Background: Type 1 spinal muscular atrophy (SMA) is a progressive neuromuscular disease characterized by an onset at 6 months of age or younger, an inability to sit without support, and deficient levels of survival of motor neuron (SMN) protein. Risdiplam is an orally administered small molecule that modifies SMN2 pre-messenger RNA splicing and increases levels of functional SMN protein in blood.
Methods: We conducted an open-label study of risdiplam in infants with type 1 SMA who were 1 to 7 months of age at enrollment. Part 1 of the study (published previously) determined the dose to be used in part 2 (reported here), which assessed the efficacy and safety of daily risdiplam as compared with no treatment in historical controls. The primary end point was the ability to sit without support for at least 5 seconds after 12 months of treatment. Key secondary end points were a score of 40 or higher on the Children's Hospital of Philadelphia Infant Test of Neuromuscular Disorders (CHOP-INTEND; range, 0 to 64, with higher scores indicating better motor function), an increase of at least 4 points from baseline in the CHOP-INTEND score, a motor-milestone response as measured by Section 2 of the Hammersmith Infant Neurological Examination (HINE-2), and survival without permanent ventilation. For the secondary end points, comparisons were made with the upper boundary of 90% confidence intervals for natural-history data from 40 infants with type 1 SMA.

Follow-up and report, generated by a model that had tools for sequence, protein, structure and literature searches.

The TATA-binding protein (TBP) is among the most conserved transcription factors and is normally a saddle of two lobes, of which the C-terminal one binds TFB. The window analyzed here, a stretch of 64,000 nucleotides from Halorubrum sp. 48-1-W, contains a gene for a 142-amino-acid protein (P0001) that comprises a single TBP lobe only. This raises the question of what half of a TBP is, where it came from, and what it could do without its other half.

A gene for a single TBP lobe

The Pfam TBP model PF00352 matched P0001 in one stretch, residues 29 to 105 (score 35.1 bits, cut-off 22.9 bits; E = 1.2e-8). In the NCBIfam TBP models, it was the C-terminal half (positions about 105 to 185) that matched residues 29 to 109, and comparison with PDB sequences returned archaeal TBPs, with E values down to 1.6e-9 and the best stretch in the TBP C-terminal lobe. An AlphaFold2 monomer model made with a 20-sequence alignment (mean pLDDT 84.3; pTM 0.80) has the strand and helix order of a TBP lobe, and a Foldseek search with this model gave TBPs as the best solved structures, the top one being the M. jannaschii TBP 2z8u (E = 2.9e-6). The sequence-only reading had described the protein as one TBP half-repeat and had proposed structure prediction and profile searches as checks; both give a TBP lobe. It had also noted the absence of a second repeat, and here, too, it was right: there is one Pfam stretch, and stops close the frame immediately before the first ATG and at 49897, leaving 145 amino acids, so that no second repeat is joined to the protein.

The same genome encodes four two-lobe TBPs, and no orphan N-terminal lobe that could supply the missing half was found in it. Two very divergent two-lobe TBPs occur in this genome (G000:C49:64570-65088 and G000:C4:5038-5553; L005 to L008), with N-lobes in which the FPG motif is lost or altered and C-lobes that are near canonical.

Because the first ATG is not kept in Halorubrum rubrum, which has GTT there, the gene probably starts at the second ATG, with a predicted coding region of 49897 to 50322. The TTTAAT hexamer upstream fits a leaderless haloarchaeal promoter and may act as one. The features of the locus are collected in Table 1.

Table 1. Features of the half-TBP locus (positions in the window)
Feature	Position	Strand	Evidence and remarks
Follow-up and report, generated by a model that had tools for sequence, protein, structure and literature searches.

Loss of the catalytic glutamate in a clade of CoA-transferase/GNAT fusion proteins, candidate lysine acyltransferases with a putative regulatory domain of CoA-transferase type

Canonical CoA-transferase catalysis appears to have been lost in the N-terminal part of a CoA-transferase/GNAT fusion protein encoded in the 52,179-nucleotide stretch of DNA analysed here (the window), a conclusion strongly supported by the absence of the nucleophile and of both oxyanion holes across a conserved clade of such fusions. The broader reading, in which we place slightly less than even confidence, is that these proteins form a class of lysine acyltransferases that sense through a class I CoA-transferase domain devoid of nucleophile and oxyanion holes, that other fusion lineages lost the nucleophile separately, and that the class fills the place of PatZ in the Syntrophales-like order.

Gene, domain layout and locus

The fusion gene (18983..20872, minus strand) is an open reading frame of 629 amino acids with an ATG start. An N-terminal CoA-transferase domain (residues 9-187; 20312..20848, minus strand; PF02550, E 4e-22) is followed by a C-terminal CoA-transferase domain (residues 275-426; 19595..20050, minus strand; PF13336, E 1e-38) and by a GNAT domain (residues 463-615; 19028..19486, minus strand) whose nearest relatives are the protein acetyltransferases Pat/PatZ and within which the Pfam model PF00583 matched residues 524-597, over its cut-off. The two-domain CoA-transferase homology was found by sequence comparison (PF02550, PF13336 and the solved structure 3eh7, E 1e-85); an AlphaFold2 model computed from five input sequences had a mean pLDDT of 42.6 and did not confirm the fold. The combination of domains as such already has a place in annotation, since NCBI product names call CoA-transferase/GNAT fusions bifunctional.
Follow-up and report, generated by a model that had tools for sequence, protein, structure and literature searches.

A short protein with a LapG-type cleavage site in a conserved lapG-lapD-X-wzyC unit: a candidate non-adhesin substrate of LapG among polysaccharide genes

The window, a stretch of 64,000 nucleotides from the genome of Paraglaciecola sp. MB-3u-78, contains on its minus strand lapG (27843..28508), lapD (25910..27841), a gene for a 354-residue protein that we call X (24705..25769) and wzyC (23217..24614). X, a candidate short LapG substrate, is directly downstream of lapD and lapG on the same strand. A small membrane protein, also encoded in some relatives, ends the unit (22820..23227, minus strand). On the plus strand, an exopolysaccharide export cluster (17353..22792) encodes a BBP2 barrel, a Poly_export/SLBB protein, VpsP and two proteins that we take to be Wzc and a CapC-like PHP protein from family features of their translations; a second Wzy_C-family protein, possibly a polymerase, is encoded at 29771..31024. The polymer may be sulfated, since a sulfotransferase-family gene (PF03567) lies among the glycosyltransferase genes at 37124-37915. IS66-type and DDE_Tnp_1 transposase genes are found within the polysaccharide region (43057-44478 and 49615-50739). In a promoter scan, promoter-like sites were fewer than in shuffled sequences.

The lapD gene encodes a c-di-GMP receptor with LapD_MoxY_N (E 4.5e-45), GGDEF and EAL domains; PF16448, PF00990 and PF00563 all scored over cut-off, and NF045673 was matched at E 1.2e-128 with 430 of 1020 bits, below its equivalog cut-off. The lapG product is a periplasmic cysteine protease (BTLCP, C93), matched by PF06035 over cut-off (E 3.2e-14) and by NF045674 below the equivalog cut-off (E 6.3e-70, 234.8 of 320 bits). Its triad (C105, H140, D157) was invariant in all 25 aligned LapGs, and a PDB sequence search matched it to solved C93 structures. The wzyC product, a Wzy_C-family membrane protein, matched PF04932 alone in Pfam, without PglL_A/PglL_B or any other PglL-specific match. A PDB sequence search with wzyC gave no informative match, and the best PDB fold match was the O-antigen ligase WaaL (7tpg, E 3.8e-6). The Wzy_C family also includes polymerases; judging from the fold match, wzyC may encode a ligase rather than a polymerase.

Results: A total of 41 infants were enrolled. After 12 months of treatment, 12 infants (29%) were able to sit without support for at least 5 seconds, a milestone not attained in this disorder. The percentages of infants in whom the key secondary end points were met as compared with the upper boundary of confidence intervals from historical controls were 56% as compared with 17% for a CHOP-INTEND score of 40 or higher, 90% as compared with 17% for an increase of at least 4 points from baseline in the CHOP-INTEND score, 78% as compared with 12% for a HINE-2 motor-milestone response, and 85% as compared with 42% for survival without permanent ventilation (P<0.001 for all comparisons). The most common serious adverse events were pneumonia, bronchiolitis, hypotonia, and respiratory failure.
Conclusions: In this study involving infants with type 1 SMA, risdiplam resulted in higher percentages of infants who met motor milestones and who showed improvements in motor function than the percentages observed in historical cohorts. Longer and larger trials are required to determine the long-term safety and efficacy of risdiplam in infants with type 1 SMA. (Funded by F. Hoffmann-La Roche; FIREFISH ClinicalTrials.gov number, NCT02913482.).
Copyright © 2021 Massachusetts Medical Society.